Have a Multicultural Thanksgiving with Little Pim

When most people in America think of Thanksgiving, they think of eating traditional foods like turkey, cranberry, and pumpkin pie with family and friends. Uniquely American traditions like football and Black Friday shopping may also come to mind. But Thanksgiving looks very different in other countries, each of which have their own way of celebrating the bounty of the fall harvest with loved ones. You can teach your child about other cultures and build on their foreign language learning by introducing them to some international Thanksgiving traditions.

Germany: Germany's version of Thanksgiving is national holiday called "Erntedanktag," which translates to "Harvest-Thanksgiving-Day." Harvest Festivals (Erntefests) are held in churches, markets and dance halls throughout the country, each celebrating foods for which the region is famous.

China: China's Mid-Autumn Moon Festival, like the American Thanksgiving, is a time for family and loved ones to celebrate the end of the harvest season with a giant feast. Legend says that the moon is at its brightest and roundest on this day, which is said to inspire rekindled friendship or romance.

To represent the full moon, the Chinese eat a delicious flaky pastry called a mooncake, which is stuffed with either sweet or savory filling. If you're up for a tasty challenge, check out this step-by-step guide to making your own.

This trio of soups for Sukkot is the perfect way to celebrate a Hebrew Thanksgiving.
This trio of soups for Sukkot is the perfect way to celebrate a Hebrew Thanksgiving.

Israel: Jewish families celebrate a 3000-year old harvest festival called Sukkot. A hut of branches called a Sukkot is built, and Jewish families then eat their meals beneath the Sukkot under the night sky for eight days. These hearty, seasonal fall soups from Israeli Kitchen are the perfect way to celebrate the end of the autumn harvest.

Korea: Chuseok is a major harvest festival and 3-day holiday in Korea celebrated on the 15th day of the 8th month of the lunar calendar. During this holiday, Koreans return to their hometowns to perform traditional rituals in the morning to remember their ancestors. Family members also visit their decreased loved ones, offering food, drink and crops. A popular food for the holdiday called songpyeon, a crescent-shaped rice cake, is prepared using healthy ingredients like sesame seeds, cinnamon, and pine nuts.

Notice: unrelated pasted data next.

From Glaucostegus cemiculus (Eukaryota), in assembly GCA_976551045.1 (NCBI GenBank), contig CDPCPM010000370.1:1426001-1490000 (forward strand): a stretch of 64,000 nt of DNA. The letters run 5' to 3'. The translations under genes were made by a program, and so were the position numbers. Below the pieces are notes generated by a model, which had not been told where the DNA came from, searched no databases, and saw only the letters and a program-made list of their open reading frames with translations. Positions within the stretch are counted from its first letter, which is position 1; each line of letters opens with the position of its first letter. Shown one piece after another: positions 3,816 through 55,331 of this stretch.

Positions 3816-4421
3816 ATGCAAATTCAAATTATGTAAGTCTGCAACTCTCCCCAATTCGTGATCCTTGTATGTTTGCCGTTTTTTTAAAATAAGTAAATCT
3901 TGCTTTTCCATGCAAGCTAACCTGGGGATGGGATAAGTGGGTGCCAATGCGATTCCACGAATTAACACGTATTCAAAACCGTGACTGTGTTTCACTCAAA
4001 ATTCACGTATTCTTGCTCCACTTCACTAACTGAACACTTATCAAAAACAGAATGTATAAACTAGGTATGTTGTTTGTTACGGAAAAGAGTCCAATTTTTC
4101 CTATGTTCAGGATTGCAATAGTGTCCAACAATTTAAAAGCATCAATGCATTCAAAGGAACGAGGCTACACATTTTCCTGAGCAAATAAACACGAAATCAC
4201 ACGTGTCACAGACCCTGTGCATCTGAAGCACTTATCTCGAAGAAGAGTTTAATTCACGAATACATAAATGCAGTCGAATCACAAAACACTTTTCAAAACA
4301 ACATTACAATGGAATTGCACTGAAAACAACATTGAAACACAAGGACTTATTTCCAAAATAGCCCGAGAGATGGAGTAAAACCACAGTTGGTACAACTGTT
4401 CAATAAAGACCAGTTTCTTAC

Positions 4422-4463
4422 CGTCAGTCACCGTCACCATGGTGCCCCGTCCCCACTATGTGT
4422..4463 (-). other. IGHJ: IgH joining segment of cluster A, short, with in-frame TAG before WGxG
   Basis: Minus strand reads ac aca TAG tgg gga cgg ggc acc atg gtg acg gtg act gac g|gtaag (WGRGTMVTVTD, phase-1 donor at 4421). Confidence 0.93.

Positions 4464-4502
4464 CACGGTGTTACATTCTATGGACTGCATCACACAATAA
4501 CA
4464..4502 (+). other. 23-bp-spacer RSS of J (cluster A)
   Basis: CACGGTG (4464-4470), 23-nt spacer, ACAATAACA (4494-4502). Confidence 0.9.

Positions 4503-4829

Check out the video below for a tutorial on preparing your own Songpyeon.

Tradition is great, but don't be afraid to mix in a few international foods and activities this holiday. As the Portuguese say, "Feliz (dia de) acção de graça" (Happy Thanksgiving)!

6 Reasons Your Child Should Learn Korean

This week we launched our 12th language for kids: Korean! And we couldn't be more excited. With so many languages to choose from, you may be wondering why your child should learn Korean. Here are a few reasons why Korean may be the right choice for your little one.

1. The Korean language is growing in popularity.

Korean is the sixteenth most widely spoken language in the world, spoken by more than 78 million people, according to Boston University.

As South Korea has become a bigger player in the world economy thanks to its technological innovation and popular culture, Korean language learning has been on the rise, particularly among younger people. Young adults are recognizing the growing opportunities in Korea and adopting the language to give themselves a leg up over the competition.

Seoul, the capital of South Korea, has become a popular tourism spot.
Seoul, the capital of South Korea, has become a popular tourism spot.

2. Korea has become a popular vacation spot. International tourists are increasingly realizing that Korea is a great country to visit for vacation. From checking out the dining and landmarks in Seoul to hiking in many of the beautiful mountains, Korea has become a major destination for world travelers.

And because the exchange rates are more favorable than in European countries, families on a budget can make the most of their trip.

3. The alphabet is easy to learn.

The Korean alphabet, Hangeul, is a phonetic alphabet with 24 letters and is very easy to read and write.

According to The Mezzofanti Guild, unlike Chinese and Japanese, it is not character-based. It is written from left to right and it has a unique way of organizing its letters into syllables where consonants and vowels are neatly arranged in blocks.

4. Korean phonetics are easy for English speakers.

Korean phonetics come easily to English speakers. Unlike Arabic and Hebrew, there are no guttural sounds.

Additionally, there are no tones like many other East Asian languages. In general, Korean is usually pronounced exactly the way it’s written--which is more than can be said for English, which contains many words that sound nothing like they appear.

5. Many Korean words are made up smaller, single-syllable words.

Many compound Korean words (especially ones that are derived from Chinese) are made up of single syllable words and you can usually take a rough guess at its meaning if you can recognize them. And if your child already knows Mandarin Chinese, it'll be even easier to start learning these words in Korean.

6. Learning Korean can be fun and easy.

Our new Korean program for kids makes it fun and easy for kids to learn. Built around fun, kid-friendly themes for ages 6 months to 6 years with language videos narrated by native speakers, kids can learn this increasingly popular language while being entertained at the same time.

Learning Korean can be a great way to give your child a head start and prepare him or her for the global economy. Check out our new Korean program or any of our 11 other languages.